October 2015

Case of the Month


Author: Dov Hersh

Editor:  Adrian Fung

Figure 1. Colour fundus photography of the left eye shows central intra retinal haemorrhage, surrounded by peri-macular soft and hard drusen.

Figure 1.
Colour fundus photography of the left eye shows central intra retinal haemorrhage, surrounded by peri-macular soft and hard drusen.

 

A 66-year old female was referred with blurred vision in her left eye.

 

Case History

A 66-year-old female was referred with blurred vision in her left eye. Visual acuity was 6/7.5 (pinhole no improvement) in the right eye and 6/18 (pinhole no improvement) in the left eye. Moderate nuclear sclerotic and cortical cataracts were present bilaterally. Perifoveal soft and hard drusen were present in both eyes. There was cup disc assymetry with apparent thinning of the neuroretinal rim in the left eye. In the left fundus there was also an intraretinal haemorrhage, subretinal fluid (SRF) and pigment epithelial detachment (PED).

 

 

What is your differential diagnosis?

 

 

Differential diagnosis

The differential diagnosis for this case includes:

  • Age-related macular degeneration
    • Type 1 (sub-RPE, including polypoidal choroidal vasculopathy)
    • Type 2 (subretinal neovascularisation)
    • Type 3 (intraretinal neovascularisation)
  • Idiopathic Parafoveal (Macular) Telangiectasia
  • Macular branch retinal vein occlusion
  • Diabetic retinopathy

 

Additional history and investigations

Optical coherence tomography (OCT) through the left macula demonstrated intraretinal hyper-reflectance and intra-retinal cysts (white arrow) at the area corresponding to the intraretinal haemorrhage, SRF (green arrow) and a large PED (red arrow) (Figure 2). Fluorescein angiography demonstrated a focal point of intra-retinal hyperfluorescence with feeding arteriole and mild hyperfluorescent leakage. (Figure 3).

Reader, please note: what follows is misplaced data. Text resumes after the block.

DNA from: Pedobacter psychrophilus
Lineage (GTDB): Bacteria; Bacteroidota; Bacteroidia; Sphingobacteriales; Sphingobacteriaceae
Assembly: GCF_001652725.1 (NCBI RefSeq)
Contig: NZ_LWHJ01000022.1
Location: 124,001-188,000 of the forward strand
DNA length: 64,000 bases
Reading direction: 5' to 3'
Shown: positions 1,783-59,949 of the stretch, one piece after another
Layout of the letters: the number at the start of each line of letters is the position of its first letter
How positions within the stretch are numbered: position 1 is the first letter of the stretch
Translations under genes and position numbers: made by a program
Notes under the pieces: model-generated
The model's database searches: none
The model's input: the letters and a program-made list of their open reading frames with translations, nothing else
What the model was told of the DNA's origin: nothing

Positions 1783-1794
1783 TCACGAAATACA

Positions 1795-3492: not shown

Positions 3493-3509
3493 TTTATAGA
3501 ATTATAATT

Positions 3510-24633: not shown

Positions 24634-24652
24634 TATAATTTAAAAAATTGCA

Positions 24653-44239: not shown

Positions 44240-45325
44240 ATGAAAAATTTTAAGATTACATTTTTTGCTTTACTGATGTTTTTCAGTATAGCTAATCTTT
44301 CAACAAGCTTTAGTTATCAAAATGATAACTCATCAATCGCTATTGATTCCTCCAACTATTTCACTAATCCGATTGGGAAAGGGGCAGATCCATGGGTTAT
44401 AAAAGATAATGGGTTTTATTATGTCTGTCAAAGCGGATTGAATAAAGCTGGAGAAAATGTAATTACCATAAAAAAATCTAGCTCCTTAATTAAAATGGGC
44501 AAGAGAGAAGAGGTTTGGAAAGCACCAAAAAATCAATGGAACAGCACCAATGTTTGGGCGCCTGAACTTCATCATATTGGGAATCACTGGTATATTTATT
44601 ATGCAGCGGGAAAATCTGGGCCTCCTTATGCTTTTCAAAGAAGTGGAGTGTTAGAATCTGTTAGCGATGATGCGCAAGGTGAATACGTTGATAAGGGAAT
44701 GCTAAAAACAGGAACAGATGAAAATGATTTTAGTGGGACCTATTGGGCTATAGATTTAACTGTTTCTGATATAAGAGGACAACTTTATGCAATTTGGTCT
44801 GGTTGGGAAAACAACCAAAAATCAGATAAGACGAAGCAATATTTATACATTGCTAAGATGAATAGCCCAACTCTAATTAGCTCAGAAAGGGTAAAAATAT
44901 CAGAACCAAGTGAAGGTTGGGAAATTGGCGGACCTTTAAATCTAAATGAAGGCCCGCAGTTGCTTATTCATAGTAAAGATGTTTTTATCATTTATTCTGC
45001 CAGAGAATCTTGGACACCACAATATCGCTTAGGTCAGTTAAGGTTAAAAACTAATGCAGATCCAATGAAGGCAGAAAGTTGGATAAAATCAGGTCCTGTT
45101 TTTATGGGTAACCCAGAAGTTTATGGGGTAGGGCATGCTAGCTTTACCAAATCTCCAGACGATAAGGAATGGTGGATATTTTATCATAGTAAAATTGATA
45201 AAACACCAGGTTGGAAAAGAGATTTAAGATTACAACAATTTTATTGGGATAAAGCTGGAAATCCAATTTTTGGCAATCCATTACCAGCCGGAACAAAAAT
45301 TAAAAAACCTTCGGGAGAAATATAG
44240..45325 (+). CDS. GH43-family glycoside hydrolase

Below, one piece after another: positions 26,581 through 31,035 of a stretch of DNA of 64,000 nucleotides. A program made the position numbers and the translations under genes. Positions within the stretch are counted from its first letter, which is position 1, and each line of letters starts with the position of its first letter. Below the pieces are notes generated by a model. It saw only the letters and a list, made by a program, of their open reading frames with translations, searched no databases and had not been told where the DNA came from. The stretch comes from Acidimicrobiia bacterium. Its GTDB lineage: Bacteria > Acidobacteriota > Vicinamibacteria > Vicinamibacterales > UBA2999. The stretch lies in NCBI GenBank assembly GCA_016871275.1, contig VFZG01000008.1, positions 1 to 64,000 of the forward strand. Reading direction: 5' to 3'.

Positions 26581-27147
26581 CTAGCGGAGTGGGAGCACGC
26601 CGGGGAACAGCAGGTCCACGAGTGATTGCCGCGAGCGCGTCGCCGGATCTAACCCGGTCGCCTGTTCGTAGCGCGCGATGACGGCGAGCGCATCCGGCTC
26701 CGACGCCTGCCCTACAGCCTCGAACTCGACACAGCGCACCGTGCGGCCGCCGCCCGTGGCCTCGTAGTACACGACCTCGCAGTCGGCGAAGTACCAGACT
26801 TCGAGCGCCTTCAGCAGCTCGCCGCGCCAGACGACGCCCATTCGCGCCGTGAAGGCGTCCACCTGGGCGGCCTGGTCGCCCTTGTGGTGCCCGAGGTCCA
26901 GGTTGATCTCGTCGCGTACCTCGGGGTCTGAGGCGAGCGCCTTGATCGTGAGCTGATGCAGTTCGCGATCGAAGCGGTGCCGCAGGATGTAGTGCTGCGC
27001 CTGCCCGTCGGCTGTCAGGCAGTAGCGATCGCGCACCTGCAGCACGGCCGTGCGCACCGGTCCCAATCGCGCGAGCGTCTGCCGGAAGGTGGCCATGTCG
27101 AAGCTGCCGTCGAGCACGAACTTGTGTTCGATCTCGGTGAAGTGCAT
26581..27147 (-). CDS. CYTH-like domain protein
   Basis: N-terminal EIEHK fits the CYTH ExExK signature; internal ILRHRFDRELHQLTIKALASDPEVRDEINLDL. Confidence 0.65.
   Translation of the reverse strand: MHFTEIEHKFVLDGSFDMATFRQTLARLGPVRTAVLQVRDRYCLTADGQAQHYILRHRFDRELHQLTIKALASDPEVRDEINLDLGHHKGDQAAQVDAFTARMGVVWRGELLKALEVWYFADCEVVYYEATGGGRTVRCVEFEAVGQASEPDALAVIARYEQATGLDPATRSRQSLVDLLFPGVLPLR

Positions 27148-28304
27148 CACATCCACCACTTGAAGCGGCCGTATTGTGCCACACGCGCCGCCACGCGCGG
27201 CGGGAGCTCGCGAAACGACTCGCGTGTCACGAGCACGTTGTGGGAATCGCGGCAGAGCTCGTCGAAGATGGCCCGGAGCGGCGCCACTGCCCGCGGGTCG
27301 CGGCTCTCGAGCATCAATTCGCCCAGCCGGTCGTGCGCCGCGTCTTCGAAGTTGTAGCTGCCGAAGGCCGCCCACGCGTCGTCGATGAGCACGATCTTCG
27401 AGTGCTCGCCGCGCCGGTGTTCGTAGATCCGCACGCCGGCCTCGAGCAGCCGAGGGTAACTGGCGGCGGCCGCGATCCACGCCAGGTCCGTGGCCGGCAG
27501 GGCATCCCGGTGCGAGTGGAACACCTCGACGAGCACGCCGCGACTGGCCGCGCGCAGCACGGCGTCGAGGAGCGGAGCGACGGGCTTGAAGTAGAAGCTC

Figure 2. Spectral-domain optical coherence tomography at presentation demonstrated an intraretinal hyper-reflective focus and intra-retinal cysts (white arrow) at the area corresponding to intraretinal haemorrhage, subretinal fluid (green arrow) and a large pigment epithelial detachment (red arrow).

Figure 2.
Spectral-domain optical coherence tomography at presentation demonstrated an intraretinal hyper-reflective focus and intra-retinal cysts (white arrow) at the area corresponding to intraretinal haemorrhage, subretinal fluid (green arrow) and a large pigment epithelial detachment (red arrow).

Figure 3. Fluorescein angiography demonstrated a focal point of intra-retinal hyperfluorescence with feeding arteriole and mild hyperfluorescent leakage.

Figure 3.
Fluorescein angiography demonstrated a focal point of intra-retinal hyperfluorescence with feeding arteriole and mild hyperfluorescent leakage.

 

 




Diagnosis

Age-related macular degeneration with left Type 3 neovascularisation.

 

Clinical Course

The patient has received one dose of intravitreal aflibercept with almost complete resolution of the PED and increase of vision by a line to 6/12 (Figure 4). Treatment is ongoing.

 

Figure 4. Spectral-domain optical coherence tomography one month after a single injection of intravitreal aflibercept, demonstrating dramatic response with resolution of intraretinal cysts, subretinal fluid and pigment epithelial detachment.

Figure 4.
Spectral-domain optical coherence tomography one month after a single injection of intravitreal aflibercept, demonstrating dramatic response with resolution of intraretinal cysts, subretinal fluid and pigment epithelial detachment.

 

 

Discussion